Where Are the Clergy of Courage?
Gov. Gavin Newsom (Genaro Molina/Los Angeles Times via AP, Pool)

In 1963, Dr. Martin Luther King Jr. preached that the church is "not the master or the servant of the state, but rather the conscience of the state". Just one quote from one of the greatest ministers of the last century, but one that seems to have been forgotten by all too many current clergy in these times, especially in my home state of California.

I live in a state that is the leader in generating draconian executive orders preventing the free expression of religion in the name of preventing the spread of Covid-19, but my anger is not with the public officials. Gov. Newsome, like many leaders, is attempting to dance a fine line between protecting people and destroying civil rights one at a time. He has previously declared religious practices non-essential, limited legal attendance at services, and tried to demand that worship services be either "drive-thrus" or streamed. Most recently, he forbade by executive order the practice of singing and chanting during religious services; and this week he has now forbade any religious service indoors. I truly believe he is trying to do good, but has no conscience to guide him when it comes to religiousity. My sadness is not directed at him, but at my clergy colleagues who seem to have lost the courage and willingness to publicly stand up for what they know in their hearts is right and righteous.

I am aware that singing as prayer is important in many Christian and Catholic traditions. While I will not speak on other faiths' practices, in Judaism there is a tradition of chanting our prayers as a community for over 2000 years. To ask us to speak our prayers as opposed to singing them collectively is analagous to going to a baseball game and being told you can only say the words of the Star Spangled Banner, not sing them. The ancient melodies are a deep part of our worship practices.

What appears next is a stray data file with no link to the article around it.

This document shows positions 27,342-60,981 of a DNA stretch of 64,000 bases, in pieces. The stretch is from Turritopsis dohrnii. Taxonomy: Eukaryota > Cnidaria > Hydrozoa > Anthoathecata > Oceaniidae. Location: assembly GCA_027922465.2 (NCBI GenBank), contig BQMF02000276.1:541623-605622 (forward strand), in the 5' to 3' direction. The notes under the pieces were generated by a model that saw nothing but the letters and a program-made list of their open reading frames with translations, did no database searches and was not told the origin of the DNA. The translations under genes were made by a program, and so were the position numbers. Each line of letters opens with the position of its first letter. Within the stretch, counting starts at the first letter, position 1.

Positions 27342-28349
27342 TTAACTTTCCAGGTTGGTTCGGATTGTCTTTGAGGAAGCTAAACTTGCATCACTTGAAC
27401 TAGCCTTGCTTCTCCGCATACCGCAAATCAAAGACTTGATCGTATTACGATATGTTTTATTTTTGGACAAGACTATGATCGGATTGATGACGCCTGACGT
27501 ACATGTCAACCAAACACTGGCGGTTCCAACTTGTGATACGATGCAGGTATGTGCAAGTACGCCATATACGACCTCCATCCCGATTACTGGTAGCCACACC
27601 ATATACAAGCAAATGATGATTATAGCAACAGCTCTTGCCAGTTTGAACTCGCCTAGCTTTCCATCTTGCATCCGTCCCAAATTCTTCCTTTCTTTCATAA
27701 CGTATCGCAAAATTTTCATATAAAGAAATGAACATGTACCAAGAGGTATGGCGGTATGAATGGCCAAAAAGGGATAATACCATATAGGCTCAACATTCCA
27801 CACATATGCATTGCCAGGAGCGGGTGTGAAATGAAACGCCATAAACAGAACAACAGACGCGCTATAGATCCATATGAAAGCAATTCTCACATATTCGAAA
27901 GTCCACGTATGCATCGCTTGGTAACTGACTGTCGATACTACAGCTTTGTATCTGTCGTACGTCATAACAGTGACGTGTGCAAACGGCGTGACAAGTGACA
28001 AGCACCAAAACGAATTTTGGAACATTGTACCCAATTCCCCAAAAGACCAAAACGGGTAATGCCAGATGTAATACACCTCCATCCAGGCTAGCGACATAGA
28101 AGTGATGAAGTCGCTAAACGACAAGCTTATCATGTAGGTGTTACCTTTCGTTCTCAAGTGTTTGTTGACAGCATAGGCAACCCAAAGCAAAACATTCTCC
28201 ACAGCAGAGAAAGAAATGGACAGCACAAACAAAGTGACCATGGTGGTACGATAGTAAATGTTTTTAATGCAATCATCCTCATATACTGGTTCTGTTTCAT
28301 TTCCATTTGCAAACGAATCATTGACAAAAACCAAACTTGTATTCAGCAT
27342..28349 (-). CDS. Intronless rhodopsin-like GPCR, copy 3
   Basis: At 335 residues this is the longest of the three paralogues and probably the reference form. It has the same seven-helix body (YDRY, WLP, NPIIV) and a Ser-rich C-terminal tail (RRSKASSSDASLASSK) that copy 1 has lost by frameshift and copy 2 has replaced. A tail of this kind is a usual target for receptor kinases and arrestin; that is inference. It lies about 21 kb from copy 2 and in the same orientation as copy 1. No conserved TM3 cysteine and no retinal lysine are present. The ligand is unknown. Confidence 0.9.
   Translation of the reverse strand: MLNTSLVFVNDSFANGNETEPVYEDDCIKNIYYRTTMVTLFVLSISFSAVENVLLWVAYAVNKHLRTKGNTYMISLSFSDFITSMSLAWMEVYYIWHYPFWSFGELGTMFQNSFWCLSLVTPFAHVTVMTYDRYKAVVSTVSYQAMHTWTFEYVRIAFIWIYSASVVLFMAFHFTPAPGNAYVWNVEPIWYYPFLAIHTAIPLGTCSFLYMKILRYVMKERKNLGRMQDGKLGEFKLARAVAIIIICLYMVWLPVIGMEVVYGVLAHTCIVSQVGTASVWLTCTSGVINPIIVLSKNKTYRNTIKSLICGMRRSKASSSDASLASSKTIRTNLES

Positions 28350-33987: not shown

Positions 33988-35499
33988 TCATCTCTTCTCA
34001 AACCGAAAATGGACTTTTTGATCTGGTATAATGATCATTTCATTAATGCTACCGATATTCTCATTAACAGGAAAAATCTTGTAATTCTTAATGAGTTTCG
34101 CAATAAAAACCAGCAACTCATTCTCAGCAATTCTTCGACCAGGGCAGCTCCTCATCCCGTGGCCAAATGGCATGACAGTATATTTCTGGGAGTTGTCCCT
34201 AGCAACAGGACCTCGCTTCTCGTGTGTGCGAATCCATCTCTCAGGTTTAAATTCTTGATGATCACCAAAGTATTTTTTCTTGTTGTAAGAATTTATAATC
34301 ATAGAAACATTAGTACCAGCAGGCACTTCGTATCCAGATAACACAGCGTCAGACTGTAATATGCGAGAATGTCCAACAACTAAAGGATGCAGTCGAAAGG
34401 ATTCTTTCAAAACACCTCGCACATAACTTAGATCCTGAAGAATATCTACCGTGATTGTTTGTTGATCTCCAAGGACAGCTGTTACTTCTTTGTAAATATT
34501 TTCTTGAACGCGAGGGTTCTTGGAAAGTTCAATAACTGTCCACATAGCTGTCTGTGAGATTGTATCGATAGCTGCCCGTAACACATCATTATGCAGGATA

Many of the Jewish liturgical services are timed to times of the day or evening, and attempting to hold our services outside, especially the High Holidays of Rosh Hashana and Yom Kippur in September, is onerous and nearly impossible on every level, including the additional financial costs that would be required. Moreover, observant Jews take the biblical prohibitions for the Sabbath and holidays seriously, and are forbidden from using electricity on these days — making streaming a theological impossibility without breaking religious law. These civil laws are destructive to religious practices, but are being justified by the Governor based on the dangers of Covid-19 and with the intent of stopping the spread of the virus.

And yet city, county, and state officials kow-tow and pander to BLM protests, where thousands of people march without masks or social distancing. The marches in support of BLM, an organization devoted to hate and that promotes the destruction of Israel in its manifesto are allowed and even encouraged by these government officials — but safe and sane religious practices are prohibited by the State.

One would think that this combination of state sponsored prohibitions would encourage an outcry from clergy of all faiths, and yet clerical voices have been noticeably silent here in California.

With the exception of some pastors assembled through the Advocates for Faith and Freedom, clergy of all faiths have remained silent. They have refused to participate in changing the policies of the State, and most have even encouraged their congregants to quietly go along with the State's measures.